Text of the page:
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Background

In airports and shopping malls multiple, parallel moving "slidewalks" allow people to increase their velocity from a low speed to a high speed.

Overview

Consider the following image:

Multi-stage acceleration

The image shows a multi-stage acceleration trajectory. The idea is similar to people stepping onto ever-faster-moving parallel slidewalks. Instead of slidewalks, we use orbiting vessels. Instead of people, we use a transport shuttle (that carries people).

In the image, the orange concentric circles (1-4) represent the orbital stages of spacecraft traveling at different speeds, with an increase of speed proportional to its distance from Earth. The X's mark transfer points for the human-toting transport shuttle.

Each spacecraft in an orange orbit gains its velocity by swapping time for speed, such as an ion drive.

When the transport shuttle reaches stage 4 (or higher, if need be), it is at a sufficient velocity that a trip to Mars would only take a few weeks.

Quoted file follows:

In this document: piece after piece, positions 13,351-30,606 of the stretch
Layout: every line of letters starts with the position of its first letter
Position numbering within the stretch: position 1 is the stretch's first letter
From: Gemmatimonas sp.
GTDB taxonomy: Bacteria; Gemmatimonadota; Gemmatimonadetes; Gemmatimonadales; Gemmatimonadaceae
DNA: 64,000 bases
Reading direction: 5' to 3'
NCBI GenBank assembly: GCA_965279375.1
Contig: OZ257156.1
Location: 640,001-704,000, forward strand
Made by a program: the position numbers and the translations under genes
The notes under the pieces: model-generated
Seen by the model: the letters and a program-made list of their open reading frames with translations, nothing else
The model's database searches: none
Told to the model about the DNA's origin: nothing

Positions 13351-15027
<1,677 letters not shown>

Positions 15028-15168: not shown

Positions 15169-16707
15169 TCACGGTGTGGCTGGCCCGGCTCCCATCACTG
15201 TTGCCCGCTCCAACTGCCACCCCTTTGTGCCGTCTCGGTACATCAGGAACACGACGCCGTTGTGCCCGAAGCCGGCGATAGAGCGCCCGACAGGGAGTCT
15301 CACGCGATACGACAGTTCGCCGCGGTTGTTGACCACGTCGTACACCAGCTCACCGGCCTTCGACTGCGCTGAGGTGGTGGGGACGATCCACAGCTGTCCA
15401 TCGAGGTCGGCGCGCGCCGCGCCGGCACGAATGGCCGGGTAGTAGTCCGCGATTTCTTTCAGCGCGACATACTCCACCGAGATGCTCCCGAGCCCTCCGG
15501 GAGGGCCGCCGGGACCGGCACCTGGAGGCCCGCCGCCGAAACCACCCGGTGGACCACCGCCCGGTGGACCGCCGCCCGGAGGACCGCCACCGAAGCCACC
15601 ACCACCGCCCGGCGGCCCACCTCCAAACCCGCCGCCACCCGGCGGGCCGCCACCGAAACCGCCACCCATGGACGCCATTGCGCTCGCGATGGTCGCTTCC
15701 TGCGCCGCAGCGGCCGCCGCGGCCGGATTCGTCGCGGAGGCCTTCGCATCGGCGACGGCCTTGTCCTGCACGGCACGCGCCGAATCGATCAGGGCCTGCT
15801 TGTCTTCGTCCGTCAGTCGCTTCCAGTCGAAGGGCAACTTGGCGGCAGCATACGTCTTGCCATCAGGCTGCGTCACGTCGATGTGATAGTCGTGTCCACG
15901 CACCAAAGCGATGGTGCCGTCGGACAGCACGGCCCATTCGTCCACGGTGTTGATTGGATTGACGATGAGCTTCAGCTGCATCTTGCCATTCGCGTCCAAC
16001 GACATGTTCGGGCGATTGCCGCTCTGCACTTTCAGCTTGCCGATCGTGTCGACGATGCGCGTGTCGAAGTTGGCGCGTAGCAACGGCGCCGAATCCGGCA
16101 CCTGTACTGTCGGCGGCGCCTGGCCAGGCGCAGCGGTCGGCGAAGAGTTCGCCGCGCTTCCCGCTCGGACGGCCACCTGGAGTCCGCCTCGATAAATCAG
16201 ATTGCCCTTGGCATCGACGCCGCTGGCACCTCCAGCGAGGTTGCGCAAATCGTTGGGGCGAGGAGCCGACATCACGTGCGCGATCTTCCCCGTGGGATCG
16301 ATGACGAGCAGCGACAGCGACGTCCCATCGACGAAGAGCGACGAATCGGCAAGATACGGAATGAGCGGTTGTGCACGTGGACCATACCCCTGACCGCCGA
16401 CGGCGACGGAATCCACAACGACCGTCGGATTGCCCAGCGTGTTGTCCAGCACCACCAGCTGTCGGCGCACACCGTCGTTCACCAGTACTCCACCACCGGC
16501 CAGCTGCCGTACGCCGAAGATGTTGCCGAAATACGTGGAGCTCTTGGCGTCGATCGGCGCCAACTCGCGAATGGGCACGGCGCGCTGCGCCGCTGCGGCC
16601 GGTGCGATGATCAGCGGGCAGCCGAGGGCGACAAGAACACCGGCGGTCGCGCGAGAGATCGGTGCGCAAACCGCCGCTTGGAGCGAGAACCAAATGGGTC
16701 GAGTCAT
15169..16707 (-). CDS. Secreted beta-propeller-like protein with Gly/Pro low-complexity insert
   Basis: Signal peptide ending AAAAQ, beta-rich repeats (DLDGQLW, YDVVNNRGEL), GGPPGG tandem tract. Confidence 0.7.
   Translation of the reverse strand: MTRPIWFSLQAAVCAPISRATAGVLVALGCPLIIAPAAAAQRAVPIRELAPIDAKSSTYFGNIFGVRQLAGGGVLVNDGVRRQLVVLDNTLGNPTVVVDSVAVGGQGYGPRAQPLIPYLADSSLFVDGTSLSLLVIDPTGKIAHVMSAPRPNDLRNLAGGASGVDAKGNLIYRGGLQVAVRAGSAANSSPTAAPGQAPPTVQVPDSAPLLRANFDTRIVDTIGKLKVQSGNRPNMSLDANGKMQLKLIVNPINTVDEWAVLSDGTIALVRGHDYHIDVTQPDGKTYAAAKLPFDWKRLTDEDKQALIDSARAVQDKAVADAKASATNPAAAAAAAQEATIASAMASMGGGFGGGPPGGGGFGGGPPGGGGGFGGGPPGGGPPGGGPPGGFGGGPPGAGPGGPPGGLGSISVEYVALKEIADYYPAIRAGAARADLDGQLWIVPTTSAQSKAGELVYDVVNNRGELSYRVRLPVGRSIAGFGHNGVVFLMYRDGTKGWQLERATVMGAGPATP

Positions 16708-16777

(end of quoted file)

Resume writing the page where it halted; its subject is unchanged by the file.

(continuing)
Questions

I am wondering:

  • Is this a viable acceleration technique to minimise human exposure to space?
  • What is this graduated acceleration technique called?
  • What are the disadvantages (cost, fuel, time, etc.) compared with current Mars visitation endeavours?

Related

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There's two ways to view your proposal;

If you can do impulse burns but not constant acceleration burns, like your mention of multi-stage accelerations suggests, then what you describe is a series of Hohmann transfers into higher orbital altitude, but instead of doing an orbital circularization burn, you continue with another apogee rising burn as the previous transfer reaches maximum altitude. This is not optimal as you don't take the most advantage of the Oberth effect and gradually increasing apogee with more energy efficient perigee burns, stretching into an ever more eccentric ellipse until you reach escape velocity.

But what you describe would work for non-impulse, constant acceleration propulsion, that is currently limited to low thrust but high specific impulse propulsion like ion thrusters, beamed propulsion, solar sails and alike.Those would be low energy transfer or constant thrust trajectories. But it's also often referred to simply as "orbit climbing".

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